Throw away the key on this one.

    RIP Mary. Condolences to the family and friends.

  • http://www.myspace.com/dneil73 Dneilz

    He didn’t go there with intent to murder her…in fact, he didn’t intend to fuck up his robbery…. it should be manslaughter.

    Very sad case, but he does need to pay for his crime.

  • Janelle

    He didn’t go there with intent to murder her…in fact, he didn’t intend to fuck up his robbery…. it should be manslaughter.

    Robbery and bursting in on little old ladies (or anyone, for that matter) with semiautomatic weapons IS fucked up.

    If he intended to make it a nice, friendly bank robbery he would have taken a toy gun, and if was going to have a friendly visit with poor Mrs.Parnell he should have called first, or when the visit didn’t go as planned he could have made a call to save her life.

    Fucked up, despicable, bank robbing, little old lady killing bastard deserves whatever he gets and them some.

  • KANE

    Wow, I’ve mad some bad decisions in my life, but at least I planned them out better than that. ” Sure, let’s walk up to a bank with guns at the ready, they won’t have a problem letting us in.”

    I think it should be manslaughter though. That charge is a bit extreme.

  • http://www.myspace.com/titicarie philly_phan

    Oh man, talk about a bad week. I don’t even know what to say in this case. To charge him with murder seems crazy, but to know that had it not have been for him breaking into Ms. Parnell’s home, she would still be alive. He should, however, be charged with something, I just don’t know if murder would be the correct charge.

    Same thing I was thinking. I’m not sure we can call him a murderer, but a criminal definitely.

    A first degree murder charge is fine with me.

    I’m not so sure about that…

  • Janelle

    If he killed someone at the bank during the robbery, which if their original plan had been realized, was certainly a distinct possibility, would those of you flinching at the lst degree murder charge still flinch? She’s dead because of his actions. Luckily for the people in the bank the robbery thing didn’t go so well for him – who knows what other tragedies might have occurred. Not so lucky for Mrs. Parnell, God rest her soul.

    Some states have by statute elevated felony murder cases to murder in the first degree. Such statutes typically define the felony murder as where the homicide or death of a victim occurs accidentally or otherwise as a result of injuries received in the commission or the attempt to commit a specified felony, such as arson, kidnapping, sexual assault, robbery. . . .

  • ph3n

    i think its hogwash as well but still his criminal actions led to her death so i dunno. i was going to say it doesnt note how they found her, did he call 911? if not then yes throw him in jail for murder

  • porcelain

    It’s a shame he’s such a fuck up.
    He’d be a shoe- in for Cool Runnings part two

    Still sucks for the lady.
    She was probably just chilling watching wheel of fortune and sipping tea or whatever old folks do and then “pow” strange man with weapons pops in to her home.

    I’m only 29 and I probably would have had a heart attack too.

  • Janelle

    It’s a shame he’s such a fuck up.He’d be a shoe- in for Cool Runnings part two

    Not to worry, don’t they have some kind of drama club in prison? And there will probably be plenty of dudes that will appreciate his good looks and come a courtin’. . . . . . ;-)

  • skittlesfairy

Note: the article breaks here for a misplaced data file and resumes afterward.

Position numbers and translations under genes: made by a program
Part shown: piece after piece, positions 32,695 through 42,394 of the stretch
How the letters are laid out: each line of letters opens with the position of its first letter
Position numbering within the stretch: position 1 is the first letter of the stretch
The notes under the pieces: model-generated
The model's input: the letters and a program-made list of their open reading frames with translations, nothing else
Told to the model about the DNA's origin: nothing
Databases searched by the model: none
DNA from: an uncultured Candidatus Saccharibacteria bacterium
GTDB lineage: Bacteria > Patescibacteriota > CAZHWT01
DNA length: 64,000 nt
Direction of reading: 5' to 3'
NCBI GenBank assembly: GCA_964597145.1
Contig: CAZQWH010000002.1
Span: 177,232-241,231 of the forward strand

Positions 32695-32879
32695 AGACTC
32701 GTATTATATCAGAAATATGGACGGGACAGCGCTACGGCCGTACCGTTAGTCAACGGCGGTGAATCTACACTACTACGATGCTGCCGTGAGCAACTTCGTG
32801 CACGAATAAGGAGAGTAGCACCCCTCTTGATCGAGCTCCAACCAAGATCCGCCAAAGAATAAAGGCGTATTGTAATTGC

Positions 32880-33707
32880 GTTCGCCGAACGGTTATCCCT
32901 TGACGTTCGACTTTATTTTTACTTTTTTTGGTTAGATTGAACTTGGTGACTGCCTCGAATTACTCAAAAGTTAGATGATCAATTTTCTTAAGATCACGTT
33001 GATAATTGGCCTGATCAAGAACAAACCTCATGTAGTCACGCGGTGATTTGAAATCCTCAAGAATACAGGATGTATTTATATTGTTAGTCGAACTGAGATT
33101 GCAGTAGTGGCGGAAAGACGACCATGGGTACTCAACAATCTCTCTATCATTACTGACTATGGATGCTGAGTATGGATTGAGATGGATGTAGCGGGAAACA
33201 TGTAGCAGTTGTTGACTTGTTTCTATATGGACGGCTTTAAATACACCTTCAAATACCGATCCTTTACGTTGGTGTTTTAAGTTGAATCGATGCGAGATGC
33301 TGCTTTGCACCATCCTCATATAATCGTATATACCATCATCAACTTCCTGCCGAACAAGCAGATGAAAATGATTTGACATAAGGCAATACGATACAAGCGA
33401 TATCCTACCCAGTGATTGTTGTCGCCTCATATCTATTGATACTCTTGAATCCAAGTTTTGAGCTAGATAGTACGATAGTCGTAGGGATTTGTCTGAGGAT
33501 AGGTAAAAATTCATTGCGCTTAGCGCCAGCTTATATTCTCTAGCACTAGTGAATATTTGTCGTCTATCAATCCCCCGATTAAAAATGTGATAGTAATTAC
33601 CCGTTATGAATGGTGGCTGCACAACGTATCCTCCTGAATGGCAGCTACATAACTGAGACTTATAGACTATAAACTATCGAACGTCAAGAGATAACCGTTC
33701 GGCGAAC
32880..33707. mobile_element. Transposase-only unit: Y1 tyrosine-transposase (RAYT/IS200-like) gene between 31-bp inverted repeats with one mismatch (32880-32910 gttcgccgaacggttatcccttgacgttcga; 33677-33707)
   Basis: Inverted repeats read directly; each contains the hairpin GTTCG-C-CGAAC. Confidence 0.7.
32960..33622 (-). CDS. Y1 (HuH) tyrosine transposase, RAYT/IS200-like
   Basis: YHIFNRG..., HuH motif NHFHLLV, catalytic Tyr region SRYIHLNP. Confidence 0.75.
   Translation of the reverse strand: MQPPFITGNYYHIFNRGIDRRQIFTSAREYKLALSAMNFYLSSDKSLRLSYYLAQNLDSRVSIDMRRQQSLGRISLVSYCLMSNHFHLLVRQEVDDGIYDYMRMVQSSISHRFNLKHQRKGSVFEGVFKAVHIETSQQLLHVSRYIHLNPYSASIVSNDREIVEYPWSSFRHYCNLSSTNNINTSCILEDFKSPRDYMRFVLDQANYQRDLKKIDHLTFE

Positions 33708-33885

A first degree murder charge seems pretty bunk to me. I mean, I get why it should be a murder charge, but one is pretty hefty… And considering some of the other shit that gets UNDERcharges… Yeah, going over board on something else doesn’t balance the system. It sucks that it’s falling on him. Who knows, she might have died that day from a car back firing and no one would have said a word of difference. Oh well, sucks to be him, donnit?

  • Janelle

    “…. It sucks that it’s falling on him. Who knows, she might have died that day from a car back firing and no one would have said a word of difference. Oh well, sucks to be him, donnit?”

    Comparing an armed man busting into your house with a car backfiring? And why would they have “said a word of difference?” There’s a hell of a difference there. Geez.

    It sucks to be him because he went out armed, intending to rob a bank then scared a defenseless old lady to death. It’s not like he was just minding his own business on his way to being a productive member of society when. . . BAM! Bad luck coming at him! She and her family are the ones deserving of sympathy.

    I’ve never seen so much sympathy for the perpetrator here. Is it because his bank robbery didn’t go through as planned? (As I recall it’s not because he had a change of heart and decided against it.) Or because he’s better looking than some of the other criminals featured? Maybe you can all get together and send him a pot roast in jail. . . . .

  • Shizz

    Tar and feather him and THEN kill him.

  • Abroad

    If causing death however incidentally in the course of a felony is a first degree murder then this on fits the description.

    What sort of sentence is he likely to get for this? Will they take into account that he didn’t lay hand on her?

  • skittlesfairy

    “It sucks to be him because he went out armed, intending to rob a bank then scared a defenseless old lady to death. It’s not like he was just minding his own business on his way to being a productive member of society when. . . BAM! Bad luck coming at him! She and her family are the ones deserving of sympathy.”

    I’m not saying she doesn’t, and I’m sure as hell not saying he didn’t do anything wrong here. Though, from the post here it doesn’t seem exactly like he meant to kill her. Scaring her to death because he was waving a gun in her face… well, fuck that’s that moron’s fault. Breaking in and having that scare her to death? Sure as hell doesn’t seem like it should get him first degree murder.

  • Justin

    This one is unique, I agree i think Murder one is too harsh, but maybe it takes stuff like this to happen to deter people from even thinking about what COULD happen if they engage in criminal conduct. Has anyone heard about the case from Springfield,Oh where i live involving the four girls who ripped off a Macy’s store, and during their getaway ran over, and killed a gentleman in the parking lot Even the 3 that WERENT driving were just convicted of murder in their SECOND trial, so stay tuned we all may be surprised by the outcome in this case!